Can you see Jesus hanging on the cross with his face beaten and bloody as the crown of thorns digs into his brow?

Can you see his determination to bear his pain and agony as he defeats sin and death on our behalf?

Can you see how he bears that isolation and excruciating pain with each passing second?

This was not the act of someone determined to judge, condemn, or set up yet another barrier between humanity and God.

The cross was God’s ultimate expression of love for us and identification with our suffering. The cross was our rescue.

The cross is God’s saving power for all of us, and it is freely to given to all who will receive it.

However you think you fall short, I want to know if you can see the cross right now. If you can see the cross, then you are called to come forward to be healed and reconciled.

You may pile up excuses or remember that someone said you are unworthy because you’re too judgmental, too distracted, too gay, or too greedy.

Bring your flaws to the cross. They’re your ticket.

If you’re weary and unworthy, then you are just the kind of person Jesus wants to come forward. The temple veil has been ripped in two, and now we are all officially out of excuses for avoiding God.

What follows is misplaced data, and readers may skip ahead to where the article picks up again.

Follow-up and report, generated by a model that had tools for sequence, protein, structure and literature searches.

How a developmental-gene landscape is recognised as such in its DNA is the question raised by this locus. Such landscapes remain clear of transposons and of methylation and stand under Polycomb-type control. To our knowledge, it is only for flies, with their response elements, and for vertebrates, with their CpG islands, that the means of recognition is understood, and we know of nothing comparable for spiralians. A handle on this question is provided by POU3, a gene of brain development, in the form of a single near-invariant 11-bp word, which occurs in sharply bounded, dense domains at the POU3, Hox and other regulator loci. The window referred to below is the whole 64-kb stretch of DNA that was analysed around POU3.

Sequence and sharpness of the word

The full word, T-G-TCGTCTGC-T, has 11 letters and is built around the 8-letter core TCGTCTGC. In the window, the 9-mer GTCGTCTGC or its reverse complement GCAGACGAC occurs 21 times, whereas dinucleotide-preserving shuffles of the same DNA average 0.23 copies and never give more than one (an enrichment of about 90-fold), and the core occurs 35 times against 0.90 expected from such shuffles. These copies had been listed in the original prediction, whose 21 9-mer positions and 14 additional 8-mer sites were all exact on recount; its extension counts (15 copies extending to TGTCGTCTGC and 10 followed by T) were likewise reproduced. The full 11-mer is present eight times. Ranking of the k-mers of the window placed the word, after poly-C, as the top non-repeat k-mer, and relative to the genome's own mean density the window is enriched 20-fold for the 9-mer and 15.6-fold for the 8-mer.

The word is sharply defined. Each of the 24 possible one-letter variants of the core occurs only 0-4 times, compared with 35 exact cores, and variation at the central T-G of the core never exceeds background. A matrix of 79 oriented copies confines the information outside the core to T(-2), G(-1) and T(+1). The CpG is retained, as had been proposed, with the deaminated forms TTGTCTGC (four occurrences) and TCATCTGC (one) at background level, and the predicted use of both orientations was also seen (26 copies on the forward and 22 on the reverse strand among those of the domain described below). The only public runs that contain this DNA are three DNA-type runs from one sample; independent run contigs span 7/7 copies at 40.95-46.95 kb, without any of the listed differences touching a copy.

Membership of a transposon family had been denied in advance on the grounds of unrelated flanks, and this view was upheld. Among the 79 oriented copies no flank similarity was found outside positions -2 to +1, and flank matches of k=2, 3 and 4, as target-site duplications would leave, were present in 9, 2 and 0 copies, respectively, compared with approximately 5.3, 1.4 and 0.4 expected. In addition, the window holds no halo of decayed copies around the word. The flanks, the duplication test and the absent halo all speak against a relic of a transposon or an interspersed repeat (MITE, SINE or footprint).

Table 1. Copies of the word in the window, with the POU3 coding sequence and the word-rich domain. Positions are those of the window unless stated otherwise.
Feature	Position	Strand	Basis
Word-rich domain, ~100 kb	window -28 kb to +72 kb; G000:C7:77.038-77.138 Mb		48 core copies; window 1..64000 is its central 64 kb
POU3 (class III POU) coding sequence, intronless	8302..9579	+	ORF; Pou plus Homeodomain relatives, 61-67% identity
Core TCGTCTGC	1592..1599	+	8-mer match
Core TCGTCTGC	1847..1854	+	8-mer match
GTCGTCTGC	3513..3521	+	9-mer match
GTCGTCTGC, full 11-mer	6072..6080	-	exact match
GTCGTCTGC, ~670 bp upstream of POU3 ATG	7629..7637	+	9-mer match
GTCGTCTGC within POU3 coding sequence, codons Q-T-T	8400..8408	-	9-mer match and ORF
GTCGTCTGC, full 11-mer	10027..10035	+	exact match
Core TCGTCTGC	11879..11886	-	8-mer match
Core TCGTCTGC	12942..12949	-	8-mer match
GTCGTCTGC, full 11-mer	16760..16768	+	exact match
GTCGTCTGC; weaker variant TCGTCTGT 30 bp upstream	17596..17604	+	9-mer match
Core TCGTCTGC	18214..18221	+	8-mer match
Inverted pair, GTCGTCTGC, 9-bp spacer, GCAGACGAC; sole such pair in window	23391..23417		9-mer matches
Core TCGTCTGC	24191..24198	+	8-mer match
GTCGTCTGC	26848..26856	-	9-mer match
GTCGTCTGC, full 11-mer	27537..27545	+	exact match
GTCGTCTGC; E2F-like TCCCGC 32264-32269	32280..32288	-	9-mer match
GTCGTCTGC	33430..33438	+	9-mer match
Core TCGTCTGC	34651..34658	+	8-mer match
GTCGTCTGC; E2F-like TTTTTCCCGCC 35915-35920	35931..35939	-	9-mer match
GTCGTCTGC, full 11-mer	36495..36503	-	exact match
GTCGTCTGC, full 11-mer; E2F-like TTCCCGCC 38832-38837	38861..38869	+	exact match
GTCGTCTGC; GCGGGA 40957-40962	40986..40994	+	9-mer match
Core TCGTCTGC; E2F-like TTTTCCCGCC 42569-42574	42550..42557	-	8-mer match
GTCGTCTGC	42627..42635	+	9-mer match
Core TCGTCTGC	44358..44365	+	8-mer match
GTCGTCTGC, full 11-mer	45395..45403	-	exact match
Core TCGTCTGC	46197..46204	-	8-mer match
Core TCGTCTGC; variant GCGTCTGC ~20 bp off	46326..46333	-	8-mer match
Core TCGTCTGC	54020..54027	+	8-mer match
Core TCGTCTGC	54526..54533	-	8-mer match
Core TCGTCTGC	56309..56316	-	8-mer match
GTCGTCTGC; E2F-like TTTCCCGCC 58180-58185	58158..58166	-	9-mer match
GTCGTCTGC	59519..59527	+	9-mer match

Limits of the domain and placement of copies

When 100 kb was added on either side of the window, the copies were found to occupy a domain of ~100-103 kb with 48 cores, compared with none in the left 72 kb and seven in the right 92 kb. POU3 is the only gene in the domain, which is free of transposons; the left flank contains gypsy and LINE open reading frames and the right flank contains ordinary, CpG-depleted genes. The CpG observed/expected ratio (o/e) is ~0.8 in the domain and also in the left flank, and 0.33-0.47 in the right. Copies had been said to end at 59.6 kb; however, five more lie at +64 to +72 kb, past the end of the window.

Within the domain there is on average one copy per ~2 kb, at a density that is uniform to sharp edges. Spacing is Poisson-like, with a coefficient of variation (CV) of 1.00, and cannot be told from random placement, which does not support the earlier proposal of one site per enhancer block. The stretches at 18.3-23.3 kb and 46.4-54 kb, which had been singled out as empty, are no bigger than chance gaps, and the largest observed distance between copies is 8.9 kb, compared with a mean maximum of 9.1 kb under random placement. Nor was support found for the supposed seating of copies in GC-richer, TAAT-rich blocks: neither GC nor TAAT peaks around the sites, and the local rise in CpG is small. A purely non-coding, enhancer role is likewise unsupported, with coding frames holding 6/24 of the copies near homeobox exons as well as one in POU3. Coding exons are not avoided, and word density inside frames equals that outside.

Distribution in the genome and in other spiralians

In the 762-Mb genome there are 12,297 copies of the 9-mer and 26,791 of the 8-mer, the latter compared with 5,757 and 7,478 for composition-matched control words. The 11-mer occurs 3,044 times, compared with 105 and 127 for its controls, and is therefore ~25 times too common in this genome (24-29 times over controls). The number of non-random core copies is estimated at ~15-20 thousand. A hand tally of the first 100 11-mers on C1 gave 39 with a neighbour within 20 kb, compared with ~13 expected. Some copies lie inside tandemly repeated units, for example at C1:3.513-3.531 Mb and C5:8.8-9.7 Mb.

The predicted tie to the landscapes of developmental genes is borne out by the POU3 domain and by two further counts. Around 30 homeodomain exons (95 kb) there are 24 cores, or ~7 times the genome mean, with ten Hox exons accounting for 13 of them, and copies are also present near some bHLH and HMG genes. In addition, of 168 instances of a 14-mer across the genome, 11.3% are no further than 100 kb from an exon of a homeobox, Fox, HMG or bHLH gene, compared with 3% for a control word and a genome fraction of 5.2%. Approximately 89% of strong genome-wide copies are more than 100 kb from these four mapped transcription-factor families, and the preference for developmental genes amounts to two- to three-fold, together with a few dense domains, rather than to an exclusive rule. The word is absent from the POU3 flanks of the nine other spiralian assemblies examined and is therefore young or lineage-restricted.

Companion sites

Whatever you believe, whoever you’ve slept with, whatever you’ve been told, the cross is for you and will always stand strong and steady for you. The invitation stands, the words have been etched with the blood of God’s Son. No human being can change that.

God is not meticulously scanning our lives in search of a reason to send us away. God is meticulously scanning our lives for any moment to reach us with a word of love that will sound too good even if we do manage to pause long enough to receive it.

Here is the word he has for you:

“You are loved more deeply than you can ever imagine. The more unworthy you feel, the more I want to heal you. My love will fill any gap you imagine between us. I’m seeking you right now. You’re welcome home any time. Your invitation always stands. Come!”

I’m Not Eager to Lose But I’m Working on It

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I like to think I’m the most insecure person ever. You may disagree because you know for a fact that you’re actually way more insecure. Whether or not I own the title as the most insecure person ever, I’ll bet we can all relate to the desire to prove ourselves in order to alleviate our fears about ourselves.

What if I don’t fit in?

What if people mock me?

What if someone secretly resents me?